How to eat more fiber the easy way
We consume around 30-40 grams of dietary fiber each day. That’s around the same amount of fiber traditionally eaten by people from Mediterranean and Asian cultures. Studies have shown that this amount of fiber each day helps reduce “bad” LDL cholesterol (and thus the risk of heart disease), helps lower blood pressure and regulate blood sugar levels, and helps reduce the risk of developing some types of cancer. But one of the most noticeable benefits of consuming this amount of fiber is that it helps fill us up while providing virtually no calories, which helps keep us in shape.
So, where do we get our fiber from?
Grains: We eat plenty of whole grains, such as whole grain bread and flat breads for sandwiches, wraps and toast; whole grain breakfast cereals; and we often use whole grain pita breads as a pizza base. We also enjoy bulgur served with Greek and Middle Eastern stews or in tabbouleh salad. And we often snack on air-popped popcorn (popcorn, if you didn’t know, is a whole grain).
Vegetables: We eat lots of vegetables — and it’s never a chore. That’s because instead of having vegetables sitting in an unflavored pile by themselves (which is how many Westerners have their vegetables) we typically have them mixed in with the main dish. Some examples include stir-fries, pasta dishes, curries, pizza, risottos, stews, paella, sushi, pilafs, sandwiches and soups. When we have a salad on the side, we also make sure we combine it with a very flavorsome dressing which typically contains oil of some kind (usually olive oil) — which makes it highly palatable.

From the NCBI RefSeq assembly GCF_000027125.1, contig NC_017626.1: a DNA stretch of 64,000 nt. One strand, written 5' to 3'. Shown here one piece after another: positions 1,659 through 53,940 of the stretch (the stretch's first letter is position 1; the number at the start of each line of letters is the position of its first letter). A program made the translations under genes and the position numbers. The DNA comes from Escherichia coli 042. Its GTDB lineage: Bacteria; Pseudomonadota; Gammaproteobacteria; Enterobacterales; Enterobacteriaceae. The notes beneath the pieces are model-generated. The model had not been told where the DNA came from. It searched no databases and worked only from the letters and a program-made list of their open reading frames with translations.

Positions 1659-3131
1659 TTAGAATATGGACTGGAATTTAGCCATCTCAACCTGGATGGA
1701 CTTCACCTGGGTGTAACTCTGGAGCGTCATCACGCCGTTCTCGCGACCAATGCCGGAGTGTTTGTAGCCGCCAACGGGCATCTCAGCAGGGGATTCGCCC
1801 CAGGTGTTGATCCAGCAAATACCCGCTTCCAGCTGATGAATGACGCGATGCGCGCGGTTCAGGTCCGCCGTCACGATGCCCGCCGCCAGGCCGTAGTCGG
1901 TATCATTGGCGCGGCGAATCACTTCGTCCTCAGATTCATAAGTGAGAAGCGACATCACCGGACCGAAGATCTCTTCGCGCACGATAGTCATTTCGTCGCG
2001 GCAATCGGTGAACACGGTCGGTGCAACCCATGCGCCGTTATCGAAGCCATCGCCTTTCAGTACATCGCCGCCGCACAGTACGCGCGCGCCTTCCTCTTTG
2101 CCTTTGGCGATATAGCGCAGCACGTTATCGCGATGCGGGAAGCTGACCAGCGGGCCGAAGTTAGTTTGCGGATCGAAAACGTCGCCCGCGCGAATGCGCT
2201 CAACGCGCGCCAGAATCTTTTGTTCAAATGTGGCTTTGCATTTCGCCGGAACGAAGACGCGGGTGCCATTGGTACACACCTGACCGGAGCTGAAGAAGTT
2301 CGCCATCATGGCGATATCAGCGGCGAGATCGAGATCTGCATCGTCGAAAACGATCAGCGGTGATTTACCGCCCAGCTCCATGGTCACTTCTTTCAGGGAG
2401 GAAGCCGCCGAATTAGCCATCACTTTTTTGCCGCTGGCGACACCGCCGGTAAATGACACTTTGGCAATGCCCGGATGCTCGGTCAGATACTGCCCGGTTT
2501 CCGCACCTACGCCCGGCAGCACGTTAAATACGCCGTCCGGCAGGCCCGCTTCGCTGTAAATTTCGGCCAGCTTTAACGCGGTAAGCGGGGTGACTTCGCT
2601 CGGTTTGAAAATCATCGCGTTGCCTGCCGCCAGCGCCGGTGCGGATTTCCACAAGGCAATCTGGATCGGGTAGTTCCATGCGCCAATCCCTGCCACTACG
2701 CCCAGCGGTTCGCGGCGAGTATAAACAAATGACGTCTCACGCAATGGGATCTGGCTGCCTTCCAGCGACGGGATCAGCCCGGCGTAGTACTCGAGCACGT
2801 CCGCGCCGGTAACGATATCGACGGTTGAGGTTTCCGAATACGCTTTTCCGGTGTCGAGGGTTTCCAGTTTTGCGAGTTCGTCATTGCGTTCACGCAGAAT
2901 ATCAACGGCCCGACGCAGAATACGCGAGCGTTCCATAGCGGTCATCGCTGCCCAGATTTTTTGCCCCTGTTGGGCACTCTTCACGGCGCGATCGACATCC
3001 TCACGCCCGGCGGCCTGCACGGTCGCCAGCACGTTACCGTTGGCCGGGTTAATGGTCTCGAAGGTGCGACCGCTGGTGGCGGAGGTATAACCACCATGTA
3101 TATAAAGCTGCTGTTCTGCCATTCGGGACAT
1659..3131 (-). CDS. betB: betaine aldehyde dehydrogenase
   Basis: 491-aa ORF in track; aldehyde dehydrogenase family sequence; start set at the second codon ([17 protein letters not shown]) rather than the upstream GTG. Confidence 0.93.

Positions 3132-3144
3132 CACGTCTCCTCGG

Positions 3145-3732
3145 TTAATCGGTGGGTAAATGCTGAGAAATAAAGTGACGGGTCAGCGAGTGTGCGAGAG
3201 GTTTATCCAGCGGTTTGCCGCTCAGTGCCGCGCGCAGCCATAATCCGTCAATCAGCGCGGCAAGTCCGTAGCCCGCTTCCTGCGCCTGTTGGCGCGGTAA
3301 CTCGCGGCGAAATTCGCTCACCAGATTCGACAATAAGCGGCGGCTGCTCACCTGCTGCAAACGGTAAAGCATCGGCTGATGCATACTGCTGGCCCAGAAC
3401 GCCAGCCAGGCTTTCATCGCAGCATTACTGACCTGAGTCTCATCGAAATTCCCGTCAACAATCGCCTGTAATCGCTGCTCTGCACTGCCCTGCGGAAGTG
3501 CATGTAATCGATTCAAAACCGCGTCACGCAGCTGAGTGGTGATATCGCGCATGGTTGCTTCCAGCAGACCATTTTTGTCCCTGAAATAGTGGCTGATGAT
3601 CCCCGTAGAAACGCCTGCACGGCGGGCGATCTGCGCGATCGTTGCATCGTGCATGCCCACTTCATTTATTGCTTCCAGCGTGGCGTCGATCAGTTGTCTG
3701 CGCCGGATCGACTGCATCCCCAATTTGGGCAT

Fruit: We snack on fruit regularly, scatter cut fruit over our breakfast cereal, and enjoy sliced fruit or fruit salad as a dessert. But to make sure we never get bored with fruit we eat lots of different varieties. Some examples include apples, oranges, pears, bananas, mangoes, pineapple, kiwi fruit, berries (strawberries, raspberries etc.), grapes, lychees, passionfruit, melons (water melon, cantaloupe etc.), papaya, persimmons, plums, figs, apricots and cherries. We also enjoy dried fruit in moderation such as dates, figs and apricots.
Legumes (beans, peas and lentils): Beans are packed with fiber and they’re also a good source of protein, so we often use them in much the same way that meat is used, such as in stews, bakes, pastas and curries. We also enjoy beans in the form of tofu, which we enjoy in stir-fries and soups. Falafel (made from chickpeas) is another favorite of ours, which we enjoy stuffed in pita bread or added to Middle Eastern stews. And we also regularly eat hummus (made from pureed chickpeas and sesame seed paste) as a dip or spread.
Nuts and seeds: We’re certainly nuts about nuts, which we snack on regularly. But we also use nuts and seeds a lot in our cooking. For example we love pesto sauce (which contains pine nuts), we also sometimes add nuts like walnuts to pastas and risottos, and often add cashews, slivered almonds or toasted sesame seeds to stir-fries. Other ways we enjoy nuts are scattered into salads to add flavor and texture, and sprinkled over oatmeal, fruit yogurt or fruit salad.